The concept of partial consideration must be applied within the context of the entire transaction. In the normal situation involving section 2036(a) or section 2038, the decedent transfers the remainder or corpus to the wife in exchange for some sort of consideration and retains a life estate or power to revoke. The life estate or power to revoke terminates at his death and is not taxed in his estate. However, the remainder or corpus is, to the extent decedent did not receive consideration for the transfer. If such were the case here, the value of the remainder or corpus would be reduced by approximately $39,000.00. But in the instant case, again assuming a transfer as plaintiffs contend, Clara exchanged $39,000.00 for the remainder and a life estate worth $39,000.00 (the valuation being identical). Defendant contends that what Clara released was offset or "washed out" by what she received as a life estate and that the remainder should now be taxed in decedent's estate.
Plaintiffs cite Estate of Morrison T. O'Nan, 47 T.C. 648 (1967), and Estate of Robert Rodger Glen, 45 T.C. 323 (1966), in support of their contention that the life estate Clara received should be ignored and the remainder reduced by the value of the support right.
At the time of trial, Glen was on appeal. Since then the parties have reached a compromise and settled. The Ninth Circuit remanded the case with the suggestion that the tax court decision be vacated, therefore, plaintiffs find no support in this case.
The only other string in plaintiffs' bow is O'Nan, however, this case is distinguishable on many points. In O'Nan the husband transferred two farms to the wife, and retained a life estate in each. In addition, the husband agreed to provide the wife with "alimony" payments of $4,000.00 a year and various food products from the farms. The Government contended there, as here, that the "alimony" payments and the farm products equaled the value of the wife's support right, hence the remainders were includible in the husband's estate. The court rejected the argument because it was unable to place a value on the wife's support right. It based its holding on the fact that under Kentucky law the wife's support right is of an equitable nature. The court then concluded that since the divorce court incorporated the *25 settlement agreement in toto it found full and adequate consideration. Indeed, state law provided for such a presumption. The court went on to analogize a section 2036(a) situation with income tax cases such as Davis, supra.
A reading of O'Nan reveals that it is in direct conflict with Past. The tax court in O'Nan did exactly what this Circuit has stated it will not do, i. e., presume full and adequate consideration when a property settlement agreement is incorporated in or predicated on a divorce decree. In Past, supra, the court correctly reasoned that such a rule would defeat the purpose behind section 2036(a) and the provisions for partial consideration under section 2043(a), as well as invite collusion by the parties.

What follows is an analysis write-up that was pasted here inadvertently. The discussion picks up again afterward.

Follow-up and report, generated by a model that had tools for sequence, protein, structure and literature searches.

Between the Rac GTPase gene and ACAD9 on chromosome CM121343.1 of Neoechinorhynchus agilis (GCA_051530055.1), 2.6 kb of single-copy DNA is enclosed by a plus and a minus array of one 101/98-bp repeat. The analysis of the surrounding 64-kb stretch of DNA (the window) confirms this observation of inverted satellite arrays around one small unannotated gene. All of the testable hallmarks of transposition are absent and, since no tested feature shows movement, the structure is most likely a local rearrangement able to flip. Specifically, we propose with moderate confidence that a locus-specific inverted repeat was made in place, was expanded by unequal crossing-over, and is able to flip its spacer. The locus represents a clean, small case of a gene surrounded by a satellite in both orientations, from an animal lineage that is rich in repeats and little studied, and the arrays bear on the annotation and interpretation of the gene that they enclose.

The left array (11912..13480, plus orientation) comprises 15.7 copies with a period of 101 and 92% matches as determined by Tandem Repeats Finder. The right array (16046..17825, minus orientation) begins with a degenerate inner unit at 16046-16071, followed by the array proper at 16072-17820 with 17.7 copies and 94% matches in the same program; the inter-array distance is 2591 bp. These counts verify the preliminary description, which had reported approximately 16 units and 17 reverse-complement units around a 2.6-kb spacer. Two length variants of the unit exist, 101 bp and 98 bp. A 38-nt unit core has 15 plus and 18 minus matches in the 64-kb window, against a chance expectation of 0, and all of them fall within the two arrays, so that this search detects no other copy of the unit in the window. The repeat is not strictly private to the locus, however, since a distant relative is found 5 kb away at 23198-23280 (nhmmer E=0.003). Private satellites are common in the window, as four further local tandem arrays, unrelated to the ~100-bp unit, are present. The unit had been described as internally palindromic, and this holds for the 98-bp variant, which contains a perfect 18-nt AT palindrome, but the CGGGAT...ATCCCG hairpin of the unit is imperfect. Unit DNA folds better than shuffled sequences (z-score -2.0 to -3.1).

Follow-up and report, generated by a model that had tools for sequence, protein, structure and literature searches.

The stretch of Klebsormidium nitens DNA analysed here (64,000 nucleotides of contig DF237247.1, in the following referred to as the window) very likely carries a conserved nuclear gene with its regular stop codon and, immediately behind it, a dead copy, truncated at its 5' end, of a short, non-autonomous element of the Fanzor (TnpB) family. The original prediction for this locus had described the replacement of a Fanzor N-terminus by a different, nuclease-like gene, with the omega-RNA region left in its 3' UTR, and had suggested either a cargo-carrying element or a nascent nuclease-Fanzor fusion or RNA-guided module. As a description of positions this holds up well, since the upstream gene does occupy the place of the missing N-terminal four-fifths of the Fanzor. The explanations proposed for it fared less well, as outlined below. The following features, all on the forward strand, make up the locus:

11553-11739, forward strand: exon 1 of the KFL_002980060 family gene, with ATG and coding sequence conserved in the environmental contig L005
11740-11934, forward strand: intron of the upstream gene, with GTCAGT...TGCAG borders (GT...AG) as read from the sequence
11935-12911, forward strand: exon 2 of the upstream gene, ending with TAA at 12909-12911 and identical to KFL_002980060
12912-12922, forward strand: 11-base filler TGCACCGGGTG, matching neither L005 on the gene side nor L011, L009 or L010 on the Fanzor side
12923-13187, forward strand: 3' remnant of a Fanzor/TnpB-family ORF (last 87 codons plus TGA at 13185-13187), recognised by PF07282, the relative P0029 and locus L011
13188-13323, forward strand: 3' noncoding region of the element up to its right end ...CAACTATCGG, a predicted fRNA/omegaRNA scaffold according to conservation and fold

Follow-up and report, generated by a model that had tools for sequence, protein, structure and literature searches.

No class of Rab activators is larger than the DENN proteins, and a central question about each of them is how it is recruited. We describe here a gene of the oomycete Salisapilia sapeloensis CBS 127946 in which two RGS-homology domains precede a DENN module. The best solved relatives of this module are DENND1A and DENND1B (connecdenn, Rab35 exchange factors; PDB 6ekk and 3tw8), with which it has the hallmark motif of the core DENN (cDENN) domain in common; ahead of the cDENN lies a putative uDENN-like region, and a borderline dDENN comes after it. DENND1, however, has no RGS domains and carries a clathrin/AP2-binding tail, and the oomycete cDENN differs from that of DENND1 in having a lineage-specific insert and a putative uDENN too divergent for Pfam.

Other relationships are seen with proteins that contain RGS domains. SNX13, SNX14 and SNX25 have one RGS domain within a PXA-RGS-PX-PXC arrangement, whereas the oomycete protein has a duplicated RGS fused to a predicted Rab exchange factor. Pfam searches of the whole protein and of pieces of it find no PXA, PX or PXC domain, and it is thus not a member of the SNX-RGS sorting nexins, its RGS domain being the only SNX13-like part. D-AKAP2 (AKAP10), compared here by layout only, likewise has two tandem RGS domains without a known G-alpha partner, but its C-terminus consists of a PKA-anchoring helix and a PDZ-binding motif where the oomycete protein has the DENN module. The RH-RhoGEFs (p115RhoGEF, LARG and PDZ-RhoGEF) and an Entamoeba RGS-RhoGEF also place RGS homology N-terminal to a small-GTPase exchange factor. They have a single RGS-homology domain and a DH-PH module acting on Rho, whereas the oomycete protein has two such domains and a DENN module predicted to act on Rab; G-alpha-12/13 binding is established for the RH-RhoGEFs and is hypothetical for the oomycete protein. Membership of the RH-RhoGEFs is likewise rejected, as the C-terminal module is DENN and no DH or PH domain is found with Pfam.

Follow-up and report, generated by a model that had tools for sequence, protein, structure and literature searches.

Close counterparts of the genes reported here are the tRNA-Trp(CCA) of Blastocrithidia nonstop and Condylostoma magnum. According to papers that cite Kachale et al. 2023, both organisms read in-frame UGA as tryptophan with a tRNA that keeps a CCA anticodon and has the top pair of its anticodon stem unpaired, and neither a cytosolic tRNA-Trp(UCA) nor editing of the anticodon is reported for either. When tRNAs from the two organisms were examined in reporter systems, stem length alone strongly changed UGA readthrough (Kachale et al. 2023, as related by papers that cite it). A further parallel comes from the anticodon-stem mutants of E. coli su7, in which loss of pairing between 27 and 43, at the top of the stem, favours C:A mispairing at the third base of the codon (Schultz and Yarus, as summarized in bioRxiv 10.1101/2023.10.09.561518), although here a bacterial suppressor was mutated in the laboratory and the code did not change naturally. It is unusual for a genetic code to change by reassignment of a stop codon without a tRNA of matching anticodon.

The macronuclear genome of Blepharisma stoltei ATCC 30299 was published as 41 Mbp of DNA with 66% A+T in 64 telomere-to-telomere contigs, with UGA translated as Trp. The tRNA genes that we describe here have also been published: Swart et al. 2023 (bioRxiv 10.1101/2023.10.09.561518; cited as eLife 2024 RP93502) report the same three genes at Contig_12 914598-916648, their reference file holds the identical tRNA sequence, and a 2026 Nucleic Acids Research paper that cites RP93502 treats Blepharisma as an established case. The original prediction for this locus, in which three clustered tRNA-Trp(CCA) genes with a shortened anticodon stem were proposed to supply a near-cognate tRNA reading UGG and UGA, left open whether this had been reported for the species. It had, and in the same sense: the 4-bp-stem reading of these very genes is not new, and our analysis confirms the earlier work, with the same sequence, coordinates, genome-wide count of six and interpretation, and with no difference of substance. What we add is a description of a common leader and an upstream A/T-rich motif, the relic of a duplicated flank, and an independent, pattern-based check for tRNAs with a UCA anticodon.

Any solace plaintiffs find in the similarity of facts in O'Nan and the instant case is made illusory by the court's holding. In presuming full consideration the court never reached the issues that would follow from a piecemeal evaluation and a true balance sheet analysis. What's more, the facts in O'Nan indicate that there was no evidence of donative intent, such as we have here in the 1930 transfer, and there the remainder was transferred to the wife, not the children as in the instant case.
In short, plaintiffs have neither cited authority nor given any reason why this court should ignore the life estate Clara received when applying the principle of partial consideration under section 2043 (a). In the few cases actually coming to grips with the problem, the decedent did not transfer anything in addition to the remainder interest. For this court to divide an integrated transaction into two individual transfers, then disregard one for purposes of consideration would result in an artificial distinction unwarranted by either the language of the statute or the cases decided under it.
In conclusion, even if this court were to find that the remainder had been transferred to the children in 1936 as part of the bargain, it still was not exchanged for full and adequate consideration, or even partial consideration, and is includible in decedent's estate. Therefore, on both the facts and the law, plaintiffs have presented no claim for relief.
The issue relative to the amount of attorney's fees for which plaintiffs may receive credit on the tax paid is left open. Unless the parties can agree on the amount, a hearing shall be held on November 22, 1968, at 2 o'clock P.M., at which time plaintiff may introduce evidence on the reasonableness of the attorney's fees.
This memorandum shall constitute the findings of fact and conclusions of law. Defendant shall prepare, serve and lodge a judgment in accordance herewith.